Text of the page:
Employment Review: May 2015 - Type 2 diabetes does not amount to disability under the Equality Act

Under the Equality Act 2010, a person is disabled where they have a physical or mental impairment which has a substantial and long-term adverse effect on their ability to carry out normal day-to-day activities. The question in the recent case of Metro line Travel Ltd v Stoute was whether an employee with Type 2 diabetes, which was controlled by abstaining from sugary drinks, could be disabled.

Mr Stoute was employed by Metroline as a bus driver. After being dismissed for gross misconduct, Mr Stoute submitted a number of claims that included various allegations of disability discrimination. Metroline disputed that he was disabled.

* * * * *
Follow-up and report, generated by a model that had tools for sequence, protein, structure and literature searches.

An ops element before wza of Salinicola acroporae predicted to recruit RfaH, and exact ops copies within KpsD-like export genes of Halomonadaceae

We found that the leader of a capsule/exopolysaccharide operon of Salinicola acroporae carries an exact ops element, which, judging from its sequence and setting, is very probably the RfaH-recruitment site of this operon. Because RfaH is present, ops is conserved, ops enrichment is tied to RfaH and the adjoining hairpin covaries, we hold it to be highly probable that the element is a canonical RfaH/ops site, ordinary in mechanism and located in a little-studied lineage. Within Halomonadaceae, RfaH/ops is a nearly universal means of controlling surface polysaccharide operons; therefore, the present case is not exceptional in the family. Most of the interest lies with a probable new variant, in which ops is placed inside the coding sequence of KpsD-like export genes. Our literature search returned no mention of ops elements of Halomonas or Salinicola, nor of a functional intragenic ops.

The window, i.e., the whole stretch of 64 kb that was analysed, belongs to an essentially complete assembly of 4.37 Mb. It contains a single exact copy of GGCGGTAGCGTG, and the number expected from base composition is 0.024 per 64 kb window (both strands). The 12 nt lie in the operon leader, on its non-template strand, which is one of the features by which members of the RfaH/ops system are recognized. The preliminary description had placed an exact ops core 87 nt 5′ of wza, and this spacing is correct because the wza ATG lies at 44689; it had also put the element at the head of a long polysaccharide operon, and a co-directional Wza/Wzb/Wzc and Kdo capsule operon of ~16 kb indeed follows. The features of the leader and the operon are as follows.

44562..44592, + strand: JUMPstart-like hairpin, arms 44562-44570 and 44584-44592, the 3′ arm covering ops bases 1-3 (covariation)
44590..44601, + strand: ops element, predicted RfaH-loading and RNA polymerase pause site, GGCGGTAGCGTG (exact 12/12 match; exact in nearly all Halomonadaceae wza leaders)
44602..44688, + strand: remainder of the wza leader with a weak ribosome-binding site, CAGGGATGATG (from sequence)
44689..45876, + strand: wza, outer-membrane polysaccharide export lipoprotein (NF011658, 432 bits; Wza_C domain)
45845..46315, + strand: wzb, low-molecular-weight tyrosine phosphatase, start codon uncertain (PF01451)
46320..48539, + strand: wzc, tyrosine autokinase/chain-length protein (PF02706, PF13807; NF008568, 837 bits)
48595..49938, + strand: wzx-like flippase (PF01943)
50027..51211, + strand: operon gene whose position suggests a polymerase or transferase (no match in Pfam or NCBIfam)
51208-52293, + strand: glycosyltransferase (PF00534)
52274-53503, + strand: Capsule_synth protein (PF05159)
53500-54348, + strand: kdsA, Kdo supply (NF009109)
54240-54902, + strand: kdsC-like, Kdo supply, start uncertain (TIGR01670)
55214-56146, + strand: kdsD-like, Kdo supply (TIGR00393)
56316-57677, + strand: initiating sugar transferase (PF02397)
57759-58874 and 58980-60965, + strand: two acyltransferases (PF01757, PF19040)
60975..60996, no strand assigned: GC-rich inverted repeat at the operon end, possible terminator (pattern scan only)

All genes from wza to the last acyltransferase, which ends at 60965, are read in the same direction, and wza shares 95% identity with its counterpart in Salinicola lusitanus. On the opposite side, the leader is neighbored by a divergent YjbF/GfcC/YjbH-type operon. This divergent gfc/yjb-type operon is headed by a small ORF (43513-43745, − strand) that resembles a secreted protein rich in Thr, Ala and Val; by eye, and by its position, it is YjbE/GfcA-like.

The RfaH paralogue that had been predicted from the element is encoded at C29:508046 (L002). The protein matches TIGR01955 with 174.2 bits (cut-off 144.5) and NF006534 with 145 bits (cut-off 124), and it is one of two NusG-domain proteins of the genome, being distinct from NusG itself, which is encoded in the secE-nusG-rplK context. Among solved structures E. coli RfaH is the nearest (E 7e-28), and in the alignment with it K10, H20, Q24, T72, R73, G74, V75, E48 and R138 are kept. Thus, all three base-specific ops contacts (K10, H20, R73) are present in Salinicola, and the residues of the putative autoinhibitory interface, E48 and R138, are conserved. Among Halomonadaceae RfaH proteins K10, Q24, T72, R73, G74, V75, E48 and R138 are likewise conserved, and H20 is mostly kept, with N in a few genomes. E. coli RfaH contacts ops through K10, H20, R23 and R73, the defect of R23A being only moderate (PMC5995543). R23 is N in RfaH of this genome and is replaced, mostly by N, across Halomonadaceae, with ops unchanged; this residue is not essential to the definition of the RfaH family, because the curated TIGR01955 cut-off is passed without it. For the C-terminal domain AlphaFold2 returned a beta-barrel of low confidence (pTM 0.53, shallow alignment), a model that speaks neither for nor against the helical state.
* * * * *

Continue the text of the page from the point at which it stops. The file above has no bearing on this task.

The claim that his dismissal was connected to his disability was rejected. However the issue of whether he was in fact disabled proceeded to the Employment Appeal Tribunal (EAT) which found against him on that too.Mr Stoute had controlled his Type 2 diabetes by avoiding sugary drinks. The EAT held that Type 2 diabetes did not amount to a disability per se and abstention from sugary drinks did not constitute a substantial adverse effect on day-to-day activities, within the meaning of 'disability' in the Equality Act 2010. Most importantly it was not considered that abstaining from sugary drinks amounted to a 'treatment or correction' that must be ignored when assessing the effect of an impairment


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